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How Fingerprinting Works

How Fingerprinting Works

Fingerprinting, more officially known as dactyloscopy, has been an integral part of crime investigation since 1858. Using fingerprints to identify people stretches back even earlier in history, with ancient Babylonians using fingerprints to seal their business transactions.

Fingerprinting works by studying the pattern of whorls, ridges, and valleys on the pads of a person’s finger. These patterns are unique. Even identical twins have different fingerprints despite sharing all or most of their DNA.

Because fingerprints are easy and inexpensive to collect, they are popular for biometric identification. Therefore, you can use your fingerprint to unlock your cellphone or legally identify you on contracts.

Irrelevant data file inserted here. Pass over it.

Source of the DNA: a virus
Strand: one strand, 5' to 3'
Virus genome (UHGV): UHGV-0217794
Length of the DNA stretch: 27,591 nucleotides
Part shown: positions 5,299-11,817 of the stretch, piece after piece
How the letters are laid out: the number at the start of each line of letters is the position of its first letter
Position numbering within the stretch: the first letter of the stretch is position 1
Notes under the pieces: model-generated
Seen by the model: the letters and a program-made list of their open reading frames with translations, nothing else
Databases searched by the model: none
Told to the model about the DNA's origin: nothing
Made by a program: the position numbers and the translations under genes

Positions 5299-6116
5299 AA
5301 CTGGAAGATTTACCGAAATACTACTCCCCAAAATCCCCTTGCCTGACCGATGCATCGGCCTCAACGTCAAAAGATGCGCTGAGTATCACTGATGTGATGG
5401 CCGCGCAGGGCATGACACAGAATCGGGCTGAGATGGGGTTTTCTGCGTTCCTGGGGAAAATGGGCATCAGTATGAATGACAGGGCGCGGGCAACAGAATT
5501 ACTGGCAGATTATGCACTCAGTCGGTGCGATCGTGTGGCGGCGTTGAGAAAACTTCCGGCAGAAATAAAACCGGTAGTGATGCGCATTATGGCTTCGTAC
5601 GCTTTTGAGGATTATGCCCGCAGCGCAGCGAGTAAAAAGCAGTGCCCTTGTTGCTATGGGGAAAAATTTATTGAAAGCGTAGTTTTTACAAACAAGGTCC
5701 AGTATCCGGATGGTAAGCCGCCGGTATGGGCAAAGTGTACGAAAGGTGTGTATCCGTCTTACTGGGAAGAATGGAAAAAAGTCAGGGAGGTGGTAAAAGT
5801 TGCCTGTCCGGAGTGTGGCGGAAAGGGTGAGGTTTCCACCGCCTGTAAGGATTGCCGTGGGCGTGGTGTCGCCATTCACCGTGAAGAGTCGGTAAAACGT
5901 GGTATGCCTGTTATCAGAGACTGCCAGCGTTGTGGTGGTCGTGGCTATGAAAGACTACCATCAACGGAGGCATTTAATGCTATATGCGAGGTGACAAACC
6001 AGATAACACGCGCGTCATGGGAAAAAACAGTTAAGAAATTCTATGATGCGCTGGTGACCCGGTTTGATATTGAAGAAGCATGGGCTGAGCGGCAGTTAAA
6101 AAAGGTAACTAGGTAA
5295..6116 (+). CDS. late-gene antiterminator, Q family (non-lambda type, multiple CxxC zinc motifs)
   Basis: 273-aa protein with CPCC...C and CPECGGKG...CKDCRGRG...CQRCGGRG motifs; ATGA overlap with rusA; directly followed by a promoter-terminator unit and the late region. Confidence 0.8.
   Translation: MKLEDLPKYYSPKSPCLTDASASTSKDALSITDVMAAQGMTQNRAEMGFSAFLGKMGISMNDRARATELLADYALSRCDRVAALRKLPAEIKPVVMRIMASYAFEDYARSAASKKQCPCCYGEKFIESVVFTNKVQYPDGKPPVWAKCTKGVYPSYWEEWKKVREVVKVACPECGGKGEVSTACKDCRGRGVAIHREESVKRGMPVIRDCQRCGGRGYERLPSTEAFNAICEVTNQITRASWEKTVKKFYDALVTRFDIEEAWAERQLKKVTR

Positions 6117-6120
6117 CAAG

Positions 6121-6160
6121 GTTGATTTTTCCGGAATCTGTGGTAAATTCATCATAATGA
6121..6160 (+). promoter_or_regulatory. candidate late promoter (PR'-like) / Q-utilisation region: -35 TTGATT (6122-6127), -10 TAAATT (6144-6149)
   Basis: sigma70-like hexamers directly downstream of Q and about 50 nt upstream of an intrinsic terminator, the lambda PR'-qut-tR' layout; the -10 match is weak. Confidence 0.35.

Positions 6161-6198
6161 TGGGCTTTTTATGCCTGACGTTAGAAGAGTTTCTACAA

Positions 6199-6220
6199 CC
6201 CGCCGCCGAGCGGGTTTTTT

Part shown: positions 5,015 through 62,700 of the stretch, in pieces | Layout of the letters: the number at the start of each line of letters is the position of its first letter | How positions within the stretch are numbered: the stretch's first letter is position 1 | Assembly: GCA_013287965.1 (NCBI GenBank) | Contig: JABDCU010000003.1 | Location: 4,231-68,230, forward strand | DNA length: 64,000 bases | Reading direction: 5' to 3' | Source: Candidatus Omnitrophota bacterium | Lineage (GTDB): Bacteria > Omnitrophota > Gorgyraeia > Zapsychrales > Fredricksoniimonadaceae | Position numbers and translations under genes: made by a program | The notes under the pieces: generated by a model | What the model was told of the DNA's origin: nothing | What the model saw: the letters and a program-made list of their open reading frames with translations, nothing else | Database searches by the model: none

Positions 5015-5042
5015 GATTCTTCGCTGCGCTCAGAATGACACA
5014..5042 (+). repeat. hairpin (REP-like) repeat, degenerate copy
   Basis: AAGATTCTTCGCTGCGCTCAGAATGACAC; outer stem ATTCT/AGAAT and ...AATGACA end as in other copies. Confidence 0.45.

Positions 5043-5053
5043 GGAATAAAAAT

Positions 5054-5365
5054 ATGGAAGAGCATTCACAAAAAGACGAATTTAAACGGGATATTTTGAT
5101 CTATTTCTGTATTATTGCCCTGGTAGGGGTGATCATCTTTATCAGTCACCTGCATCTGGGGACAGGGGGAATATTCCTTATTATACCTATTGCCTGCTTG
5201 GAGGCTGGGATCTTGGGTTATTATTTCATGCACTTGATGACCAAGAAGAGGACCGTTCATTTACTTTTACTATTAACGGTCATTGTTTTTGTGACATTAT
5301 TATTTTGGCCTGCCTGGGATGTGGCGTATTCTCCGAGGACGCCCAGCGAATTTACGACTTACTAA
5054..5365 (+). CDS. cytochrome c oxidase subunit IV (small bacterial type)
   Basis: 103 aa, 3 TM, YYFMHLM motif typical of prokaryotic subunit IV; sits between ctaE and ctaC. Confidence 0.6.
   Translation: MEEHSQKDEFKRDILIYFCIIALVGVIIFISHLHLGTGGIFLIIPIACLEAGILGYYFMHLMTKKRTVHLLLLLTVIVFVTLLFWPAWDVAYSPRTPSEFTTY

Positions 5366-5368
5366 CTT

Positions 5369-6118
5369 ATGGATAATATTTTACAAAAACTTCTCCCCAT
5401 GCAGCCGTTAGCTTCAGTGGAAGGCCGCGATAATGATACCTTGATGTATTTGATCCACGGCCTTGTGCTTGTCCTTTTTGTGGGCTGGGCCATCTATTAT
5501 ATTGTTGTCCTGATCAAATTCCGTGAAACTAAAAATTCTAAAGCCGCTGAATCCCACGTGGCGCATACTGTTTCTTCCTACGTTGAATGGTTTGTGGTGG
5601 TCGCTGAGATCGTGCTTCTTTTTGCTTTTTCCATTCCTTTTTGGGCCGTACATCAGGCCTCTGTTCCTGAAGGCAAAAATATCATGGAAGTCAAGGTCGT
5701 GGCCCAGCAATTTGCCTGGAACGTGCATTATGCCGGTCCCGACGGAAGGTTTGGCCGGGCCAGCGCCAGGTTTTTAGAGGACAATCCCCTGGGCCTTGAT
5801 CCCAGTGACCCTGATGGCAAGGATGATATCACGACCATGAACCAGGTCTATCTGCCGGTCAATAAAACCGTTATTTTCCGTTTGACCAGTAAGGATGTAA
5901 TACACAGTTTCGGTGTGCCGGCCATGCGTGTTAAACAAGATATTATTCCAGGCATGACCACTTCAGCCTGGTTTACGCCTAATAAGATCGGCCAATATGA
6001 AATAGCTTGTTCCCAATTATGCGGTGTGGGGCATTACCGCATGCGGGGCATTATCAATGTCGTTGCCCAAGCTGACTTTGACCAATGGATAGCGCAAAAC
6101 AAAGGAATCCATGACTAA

How Does Fingerprinting Work?

For most of history, fingerprints had to be taken manually with ink and paper. A finger would be pressed in ink and then again onto a flat card. Both a flat impression and a rolled print would usually be taken for comparison.

Today, digital technology takes the place of ink-and-paper techniques. Digital fingerprints are captured when a finger is pressed lightly to a silicon or optical surface that scans the prints and converts them into a pattern of data that can be stored and compared to other data patterns.

When police investigate a crime scene, they will often be able to pick up fingerprints from the scene. Visible prints may be left behind in blood or other surfaces. Body oils from the skin can also leave behind fingerprints on glass or other objects. These prints can be lifted with tape or examined using digital readers or special powders.

Fingerprints taken from the scene of a crime can be compared to the prints of suspects or compared against a database of known criminals to help solve a crime. This type of forensic evidence can be very powerful for investigation.